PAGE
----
A Richer Heritage: Historic Preservation in the Twenty-First Century

By Robert E. Stipe | Go to book overview

CHAPTER TWELVE
The Social and Ethnic Dimensions
of Historic Preservation

ANTOINETTE I. LEE

Few other topics so perfectly capture the essence of “a richer heritage” than the social and ethnic dimensions of historic preservation. Today, the preservation field embraces the heritage of numerous cultural groups that made their mark on the American landscape. Surveys are conducted of the historic properties associated with diverse communities. Historic properties in ethnic neighborhoods are enjoying a longer life through historic rehabilitation. The stories of diverse groups are being interpreted for community residents and visitors alike.

Historical studies of diverse groups are yielding an unfolding tapestry of ethnic heritage. The popular media provides frequent reports about the unearthing of ethnic and minority history in archaeological investigations, archival research, and even DNA test results. The “recent past” provides a rich trove of possibilities as the nation explores themes such as the desegregation of the public schools and public facilities. And events of today will take on significance as they fade into the past. New groups continue to arrive at the country's shores and are making their own marks on the face of the nation.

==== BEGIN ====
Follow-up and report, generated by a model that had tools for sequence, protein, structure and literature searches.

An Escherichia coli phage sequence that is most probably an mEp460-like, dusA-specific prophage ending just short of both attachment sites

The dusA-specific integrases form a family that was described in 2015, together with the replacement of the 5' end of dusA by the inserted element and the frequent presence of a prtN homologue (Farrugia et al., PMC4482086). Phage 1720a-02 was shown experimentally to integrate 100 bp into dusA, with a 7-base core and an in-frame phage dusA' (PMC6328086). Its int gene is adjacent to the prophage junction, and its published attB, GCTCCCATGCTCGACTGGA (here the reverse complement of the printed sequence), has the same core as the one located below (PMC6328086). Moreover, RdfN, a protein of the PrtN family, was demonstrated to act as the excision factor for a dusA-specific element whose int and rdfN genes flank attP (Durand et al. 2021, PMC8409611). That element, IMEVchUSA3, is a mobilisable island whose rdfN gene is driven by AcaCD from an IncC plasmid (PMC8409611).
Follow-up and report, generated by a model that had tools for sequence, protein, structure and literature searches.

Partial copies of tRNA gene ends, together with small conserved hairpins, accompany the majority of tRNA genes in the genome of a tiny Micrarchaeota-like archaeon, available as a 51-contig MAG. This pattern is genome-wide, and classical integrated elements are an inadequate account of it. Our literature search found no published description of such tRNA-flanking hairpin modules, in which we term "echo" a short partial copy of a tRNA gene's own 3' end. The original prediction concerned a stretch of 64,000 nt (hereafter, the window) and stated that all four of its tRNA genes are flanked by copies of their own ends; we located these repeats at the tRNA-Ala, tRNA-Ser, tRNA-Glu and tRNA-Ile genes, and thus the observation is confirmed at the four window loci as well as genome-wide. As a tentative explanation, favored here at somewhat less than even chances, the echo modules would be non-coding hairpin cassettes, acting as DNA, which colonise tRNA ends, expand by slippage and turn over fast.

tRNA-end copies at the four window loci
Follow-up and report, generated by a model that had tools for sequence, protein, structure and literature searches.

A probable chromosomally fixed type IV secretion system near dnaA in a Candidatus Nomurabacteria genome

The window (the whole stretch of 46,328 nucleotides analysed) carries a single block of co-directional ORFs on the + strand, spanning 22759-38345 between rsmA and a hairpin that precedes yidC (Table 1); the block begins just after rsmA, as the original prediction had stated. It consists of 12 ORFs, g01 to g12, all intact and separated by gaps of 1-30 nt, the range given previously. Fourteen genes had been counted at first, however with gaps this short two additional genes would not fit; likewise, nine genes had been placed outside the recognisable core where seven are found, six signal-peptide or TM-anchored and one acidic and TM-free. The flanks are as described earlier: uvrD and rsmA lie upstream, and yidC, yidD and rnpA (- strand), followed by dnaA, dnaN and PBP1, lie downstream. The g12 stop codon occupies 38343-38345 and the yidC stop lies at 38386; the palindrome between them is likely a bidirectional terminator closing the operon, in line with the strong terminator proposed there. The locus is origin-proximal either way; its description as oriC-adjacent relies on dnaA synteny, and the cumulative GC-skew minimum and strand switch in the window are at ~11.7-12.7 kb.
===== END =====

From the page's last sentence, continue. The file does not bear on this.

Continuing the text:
The authors of the essays contained in With Heritage So Rich could not have imagined that the historic preservation field would incorporate such a broad story into the narrative of the nation's heritage. When one reads this seminal work of 1966 through the lens of today's social history, there is hardly a mention of social or ethnic history. This oversight is due in part to the nature of historical study in the mid-1960s. The “new social history” was not yet a presence in the history courses that were taught in colleges and universities and pursued in graduate studies. The focus of history instruction was on military and political events and zeroed in on the achievements of national figures, usually European American men. In addition, architects of the mid-1960s played a major role in the development of the legislation, and their focus was on highstyle architecture.

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